Core repertoire is
here mixed with music from the Canadian
Anglican tradition and Victorian hymns.
The end result is a CD of great beauty
and spiritual uplift.
This Canadian Choir,
hitherto unknown to me, consists of
men and women like most Oxford colleges.
They make an ideal sound in the great
tradition of Oxbridge. Indeed the choir
of St. John's is made up of members
of the neighbouring universities’ music
faculties and their graduates as well
as local professional singers.
The chosen programme
successfully blends standard classics
like Mozart's gentle masterpiece 'Ave
verum Corpus', with a contrasting setting
by Imant Raminsh, the Latvian-born Canadian
composer. This in itself would surely
grace and fit perfectly into a Lenten
Evensong at York, Lincoln or Exeter.
The English composer Healey Willan emigrated
to Canada in 1913 and is well represented
by four works. The moving 'Three Marian
motets' and the impressive and magnificent
The title of the disc
is also that of William Harris's deservedly
famous double choir anthem, here given
a beauteous and ethereal rendering.
The disc opens with Paul Halley's clever
and very attractive arrangement of Gordon
Slater's 'Jesu the very thought of thee'
which takes the melody out of its lowly
hymn status into a fine anthem but one
suitable for most church choirs.
The other hymns, by
Ireland, Wesley, Monk and Scholefield,
are given simpler treatment. Paul Halley
and Stephen Crisp have partially re-harmonized
them and have added some very memorable
descants. I was especially impressed
with the one to Ireland's masterly 'My
song is love unknown'. Incidentally
have you ever thought that Wesley's
tune to his brother's words 'O thou
who camest' and 'The day thou gavest'
are two of the most tuneful minuets
ever written! On this recording, where
the first beat of the bar is often gently
emphasized more than is the case with
'normal' congregations', it is especially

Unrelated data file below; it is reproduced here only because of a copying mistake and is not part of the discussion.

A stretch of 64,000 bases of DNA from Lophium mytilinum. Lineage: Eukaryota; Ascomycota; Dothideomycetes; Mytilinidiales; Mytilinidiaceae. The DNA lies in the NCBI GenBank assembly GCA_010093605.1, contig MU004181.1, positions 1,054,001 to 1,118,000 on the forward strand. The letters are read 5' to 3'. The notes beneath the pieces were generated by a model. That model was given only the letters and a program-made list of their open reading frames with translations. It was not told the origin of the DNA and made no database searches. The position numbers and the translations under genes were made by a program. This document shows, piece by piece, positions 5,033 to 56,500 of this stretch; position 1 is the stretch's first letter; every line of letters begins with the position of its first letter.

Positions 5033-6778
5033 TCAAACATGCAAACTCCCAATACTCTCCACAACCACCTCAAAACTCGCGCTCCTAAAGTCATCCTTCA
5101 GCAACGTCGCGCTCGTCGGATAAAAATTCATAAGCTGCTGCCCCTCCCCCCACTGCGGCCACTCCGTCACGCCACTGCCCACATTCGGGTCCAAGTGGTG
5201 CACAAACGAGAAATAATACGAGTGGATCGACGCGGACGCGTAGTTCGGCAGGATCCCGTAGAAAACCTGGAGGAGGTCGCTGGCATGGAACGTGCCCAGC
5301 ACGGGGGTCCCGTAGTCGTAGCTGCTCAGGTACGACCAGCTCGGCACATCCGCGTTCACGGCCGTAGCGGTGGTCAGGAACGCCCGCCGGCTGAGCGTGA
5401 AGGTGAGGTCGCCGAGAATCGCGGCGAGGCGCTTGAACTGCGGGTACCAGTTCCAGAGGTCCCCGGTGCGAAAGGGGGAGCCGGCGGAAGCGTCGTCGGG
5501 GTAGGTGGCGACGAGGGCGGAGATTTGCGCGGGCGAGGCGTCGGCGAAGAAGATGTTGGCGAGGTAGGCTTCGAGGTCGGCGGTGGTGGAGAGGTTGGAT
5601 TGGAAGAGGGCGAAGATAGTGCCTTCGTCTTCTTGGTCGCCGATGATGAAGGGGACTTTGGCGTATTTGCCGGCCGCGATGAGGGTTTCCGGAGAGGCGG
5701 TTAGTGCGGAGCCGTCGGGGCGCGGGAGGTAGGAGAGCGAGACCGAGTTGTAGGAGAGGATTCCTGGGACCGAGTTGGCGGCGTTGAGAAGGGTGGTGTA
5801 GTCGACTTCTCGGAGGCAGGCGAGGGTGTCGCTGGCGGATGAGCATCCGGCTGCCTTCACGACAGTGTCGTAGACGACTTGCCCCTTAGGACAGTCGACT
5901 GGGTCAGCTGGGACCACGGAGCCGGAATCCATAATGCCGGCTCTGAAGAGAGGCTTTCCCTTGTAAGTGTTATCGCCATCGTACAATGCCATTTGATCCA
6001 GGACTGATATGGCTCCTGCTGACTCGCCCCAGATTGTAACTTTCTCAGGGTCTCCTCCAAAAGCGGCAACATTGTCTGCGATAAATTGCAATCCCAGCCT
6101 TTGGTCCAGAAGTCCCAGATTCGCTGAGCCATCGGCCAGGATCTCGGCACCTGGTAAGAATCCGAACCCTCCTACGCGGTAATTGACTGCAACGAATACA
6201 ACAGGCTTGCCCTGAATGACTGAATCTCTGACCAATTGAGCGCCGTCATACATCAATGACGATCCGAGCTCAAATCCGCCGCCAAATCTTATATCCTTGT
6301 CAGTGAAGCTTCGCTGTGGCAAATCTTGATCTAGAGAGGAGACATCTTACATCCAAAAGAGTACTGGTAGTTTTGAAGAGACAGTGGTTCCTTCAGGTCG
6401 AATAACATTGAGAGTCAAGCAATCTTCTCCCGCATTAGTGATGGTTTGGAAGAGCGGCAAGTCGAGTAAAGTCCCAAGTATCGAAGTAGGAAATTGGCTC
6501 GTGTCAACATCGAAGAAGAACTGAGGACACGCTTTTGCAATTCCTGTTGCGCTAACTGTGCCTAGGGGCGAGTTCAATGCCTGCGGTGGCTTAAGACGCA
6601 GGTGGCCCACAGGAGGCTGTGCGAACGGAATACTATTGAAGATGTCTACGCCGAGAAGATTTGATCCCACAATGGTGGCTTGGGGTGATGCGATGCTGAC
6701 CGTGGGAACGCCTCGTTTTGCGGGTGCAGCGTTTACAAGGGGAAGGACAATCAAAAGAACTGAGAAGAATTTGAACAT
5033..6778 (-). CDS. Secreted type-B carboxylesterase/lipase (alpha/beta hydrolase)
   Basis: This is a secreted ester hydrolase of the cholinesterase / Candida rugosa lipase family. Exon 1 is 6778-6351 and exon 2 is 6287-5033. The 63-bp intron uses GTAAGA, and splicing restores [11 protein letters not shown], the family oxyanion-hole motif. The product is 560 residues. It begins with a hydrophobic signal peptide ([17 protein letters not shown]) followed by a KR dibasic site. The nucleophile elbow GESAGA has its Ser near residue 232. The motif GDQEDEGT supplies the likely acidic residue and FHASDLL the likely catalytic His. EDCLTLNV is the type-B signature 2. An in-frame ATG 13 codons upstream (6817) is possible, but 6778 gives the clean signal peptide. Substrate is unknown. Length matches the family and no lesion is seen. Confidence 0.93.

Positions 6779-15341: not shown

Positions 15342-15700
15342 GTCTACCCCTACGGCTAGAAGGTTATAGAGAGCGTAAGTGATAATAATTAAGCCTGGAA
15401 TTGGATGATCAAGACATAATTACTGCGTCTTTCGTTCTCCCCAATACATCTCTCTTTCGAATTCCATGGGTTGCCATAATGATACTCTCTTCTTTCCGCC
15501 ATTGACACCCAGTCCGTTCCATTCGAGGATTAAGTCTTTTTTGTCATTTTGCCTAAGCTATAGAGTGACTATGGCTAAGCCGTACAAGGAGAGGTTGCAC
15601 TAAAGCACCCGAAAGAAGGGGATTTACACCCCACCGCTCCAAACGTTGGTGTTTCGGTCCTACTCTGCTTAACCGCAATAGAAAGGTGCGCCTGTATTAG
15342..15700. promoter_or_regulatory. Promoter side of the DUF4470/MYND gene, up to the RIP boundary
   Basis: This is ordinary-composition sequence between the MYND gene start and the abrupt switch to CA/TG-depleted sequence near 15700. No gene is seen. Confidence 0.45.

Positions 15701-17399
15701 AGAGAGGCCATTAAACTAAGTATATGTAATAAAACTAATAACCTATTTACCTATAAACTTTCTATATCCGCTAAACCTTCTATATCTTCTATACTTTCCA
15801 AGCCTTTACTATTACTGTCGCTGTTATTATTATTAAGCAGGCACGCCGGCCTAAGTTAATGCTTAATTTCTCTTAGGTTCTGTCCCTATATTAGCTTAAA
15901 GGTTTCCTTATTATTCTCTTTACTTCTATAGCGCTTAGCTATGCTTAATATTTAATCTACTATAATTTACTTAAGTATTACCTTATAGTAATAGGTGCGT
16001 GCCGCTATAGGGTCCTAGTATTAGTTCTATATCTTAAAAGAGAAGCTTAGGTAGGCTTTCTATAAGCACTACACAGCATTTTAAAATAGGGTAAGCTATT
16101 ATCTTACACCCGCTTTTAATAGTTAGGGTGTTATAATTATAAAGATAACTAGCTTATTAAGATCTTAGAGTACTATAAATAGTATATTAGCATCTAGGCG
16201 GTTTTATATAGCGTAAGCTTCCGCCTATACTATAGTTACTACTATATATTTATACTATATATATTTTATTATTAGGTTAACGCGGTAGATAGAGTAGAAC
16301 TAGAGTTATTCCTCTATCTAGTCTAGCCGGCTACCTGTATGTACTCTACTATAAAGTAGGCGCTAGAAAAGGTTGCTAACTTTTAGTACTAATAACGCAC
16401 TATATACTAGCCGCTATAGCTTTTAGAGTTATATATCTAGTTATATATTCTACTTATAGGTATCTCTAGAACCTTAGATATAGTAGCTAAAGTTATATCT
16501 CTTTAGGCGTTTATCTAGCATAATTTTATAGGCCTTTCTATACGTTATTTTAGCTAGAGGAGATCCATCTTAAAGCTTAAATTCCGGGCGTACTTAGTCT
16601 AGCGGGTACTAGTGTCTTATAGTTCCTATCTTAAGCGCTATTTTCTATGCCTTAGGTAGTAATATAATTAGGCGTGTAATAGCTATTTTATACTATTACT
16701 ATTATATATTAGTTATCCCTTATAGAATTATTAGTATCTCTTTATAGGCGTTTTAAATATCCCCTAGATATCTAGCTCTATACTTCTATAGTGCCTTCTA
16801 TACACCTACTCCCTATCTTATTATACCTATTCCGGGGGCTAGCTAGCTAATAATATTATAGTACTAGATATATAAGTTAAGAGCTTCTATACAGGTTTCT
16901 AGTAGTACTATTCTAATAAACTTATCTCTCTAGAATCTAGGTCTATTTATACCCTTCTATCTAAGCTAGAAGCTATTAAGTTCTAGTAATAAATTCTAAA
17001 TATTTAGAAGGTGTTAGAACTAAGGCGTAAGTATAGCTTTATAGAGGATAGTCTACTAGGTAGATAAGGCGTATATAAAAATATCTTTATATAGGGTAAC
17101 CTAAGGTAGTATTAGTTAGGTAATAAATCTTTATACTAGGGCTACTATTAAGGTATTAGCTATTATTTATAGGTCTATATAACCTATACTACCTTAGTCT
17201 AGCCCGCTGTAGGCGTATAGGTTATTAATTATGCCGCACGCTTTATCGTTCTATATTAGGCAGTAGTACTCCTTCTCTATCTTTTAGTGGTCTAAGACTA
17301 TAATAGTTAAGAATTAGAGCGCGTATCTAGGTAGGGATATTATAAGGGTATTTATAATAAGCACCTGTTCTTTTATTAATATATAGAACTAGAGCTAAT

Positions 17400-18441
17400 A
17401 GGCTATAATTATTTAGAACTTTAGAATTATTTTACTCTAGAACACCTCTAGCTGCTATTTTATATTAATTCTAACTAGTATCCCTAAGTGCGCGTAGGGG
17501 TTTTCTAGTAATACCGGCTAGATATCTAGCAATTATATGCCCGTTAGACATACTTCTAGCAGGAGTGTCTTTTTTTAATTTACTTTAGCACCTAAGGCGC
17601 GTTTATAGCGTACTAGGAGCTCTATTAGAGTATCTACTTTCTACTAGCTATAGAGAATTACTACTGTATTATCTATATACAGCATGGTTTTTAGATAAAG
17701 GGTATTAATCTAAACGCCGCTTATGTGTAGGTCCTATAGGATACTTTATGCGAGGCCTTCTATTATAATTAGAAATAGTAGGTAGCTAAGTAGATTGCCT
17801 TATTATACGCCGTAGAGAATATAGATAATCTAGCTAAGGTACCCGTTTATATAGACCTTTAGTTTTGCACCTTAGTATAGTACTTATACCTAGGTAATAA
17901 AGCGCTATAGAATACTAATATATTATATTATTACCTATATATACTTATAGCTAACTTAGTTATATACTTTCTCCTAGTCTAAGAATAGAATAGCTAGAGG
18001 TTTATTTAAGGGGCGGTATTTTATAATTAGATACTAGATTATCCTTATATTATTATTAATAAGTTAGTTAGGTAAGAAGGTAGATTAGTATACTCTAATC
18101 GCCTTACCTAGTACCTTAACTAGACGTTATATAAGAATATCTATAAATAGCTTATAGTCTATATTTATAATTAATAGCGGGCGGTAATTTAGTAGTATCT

noticeable and delightfully so.
The highlight of the
disc, both musically and in performance
although none of it is weak, is the
rendering of Howells' wonderful 'Te
Deum'. Some of Howells' textures evoke
loneliness in the vast sepulchral spaces
of a huge cathedral. This is especially
so with the words "Also the Holy Ghost
the comforter". The tempos are well
chosen as they are throughout the CD.
Some may think that they err on the
slow side but for me that is part of
the wonder of the music and a sign that
this choir has the vocal technique to
cope with the necessary sustained phrasing
which allows the music time to breathe
in this excellent acoustic.
It seems pathetic now,
but I well remember the considerable
shudder of disapproval that went around
the cathedral close where I was a choirboy,
when Bryan Kelly produced his Rumba
'Magnificat'. Here it now seems so traditional,
but it has certainly not lost its sparkle.
Here that sparkle might perhaps have
been brought out even more.
The rest of the performances,
both from the organ loft by Paul Halley
and from the choir, are just right.
The booklet notes by John Mayo are quite
useful; general yet detailed but not
at all technical.
Just a word of warning
about the recording. Take time to set
the volume, as you will be jumping up
and down from your chair adjusting the
control suitable for each track. Better
still listen through headphones - you
are really there. However I do wish
that Naxos would deal consistently with
this problem, as it is has come up before
on other choral CDs.
see also review
by John Portwood and